Transglutaminase-Catalyzed Crosslinking in Neurological Disease: From Experimental Evidence to Therapeutic Inhibition

Author(s): G. Hoffner, W. Andre, A. Vanhoutteghem, S. Soues, P. Djian

Journal Name: CNS & Neurological Disorders - Drug Targets
(Formerly Current Drug Targets - CNS & Neurological Disorders)

Volume 9 , Issue 2 , 2010

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Diseases of polyglutamine expansion, Alzheimers disease and Parkinsons disease are neurodegenerative diseases associated with insoluble protein aggregates and neuronal death. These diseases constitute a group of devastating diseases for which there is currently little treatment. The protein aggregates may be the cause of neuronal death, although there is some controversy as to which form of aggregation (oligomers, polymers or microscopic aggregates) is the most toxic. More than a decade ago, the participation of transglutaminases in the formation of the abnormal protein aggregates was proposed. Transglutaminases are a large family of enzymes that catalyze the formation of Nε(γ-glutamyl)-lysine isodipeptide crosslinks between proteins. In this review, we summarize the evidence supporting the participation of transglutaminase in diseases of the central nervous system. We also describe newly developed transglutaminase inhibitors and their potential use as therapeutic agents in neurological disease.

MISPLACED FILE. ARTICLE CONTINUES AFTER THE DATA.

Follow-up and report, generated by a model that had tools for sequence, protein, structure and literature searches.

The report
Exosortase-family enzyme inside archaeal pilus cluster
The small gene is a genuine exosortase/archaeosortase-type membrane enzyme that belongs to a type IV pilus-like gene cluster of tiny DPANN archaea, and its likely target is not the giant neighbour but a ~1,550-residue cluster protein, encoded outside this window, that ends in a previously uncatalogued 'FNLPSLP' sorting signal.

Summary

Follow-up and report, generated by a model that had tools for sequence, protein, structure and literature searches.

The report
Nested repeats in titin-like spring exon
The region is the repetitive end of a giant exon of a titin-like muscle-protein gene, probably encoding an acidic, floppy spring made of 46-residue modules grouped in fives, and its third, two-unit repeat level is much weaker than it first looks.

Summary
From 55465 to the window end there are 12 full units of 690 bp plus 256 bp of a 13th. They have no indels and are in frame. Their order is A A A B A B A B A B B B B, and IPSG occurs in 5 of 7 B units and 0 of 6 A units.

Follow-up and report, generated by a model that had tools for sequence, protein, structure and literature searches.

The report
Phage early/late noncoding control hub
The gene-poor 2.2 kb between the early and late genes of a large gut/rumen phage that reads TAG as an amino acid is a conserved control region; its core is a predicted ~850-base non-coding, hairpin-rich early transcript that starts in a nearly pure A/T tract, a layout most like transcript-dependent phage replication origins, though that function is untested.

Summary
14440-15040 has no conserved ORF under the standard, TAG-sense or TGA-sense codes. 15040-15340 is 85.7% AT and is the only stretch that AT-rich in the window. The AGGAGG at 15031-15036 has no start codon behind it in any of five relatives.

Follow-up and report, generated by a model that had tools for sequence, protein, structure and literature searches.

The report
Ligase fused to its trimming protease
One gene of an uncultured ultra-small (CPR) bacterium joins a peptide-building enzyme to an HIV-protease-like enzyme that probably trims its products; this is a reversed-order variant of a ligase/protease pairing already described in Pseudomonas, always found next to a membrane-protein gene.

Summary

Keywords: Polyglutamine, Alzheimer, Parkinson, protein aggregation, neuronal inclusions

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Article Details

Year: 2010
Page: [217 - 231]
Pages: 15
DOI: 10.2174/187152710791012107
Price: $65

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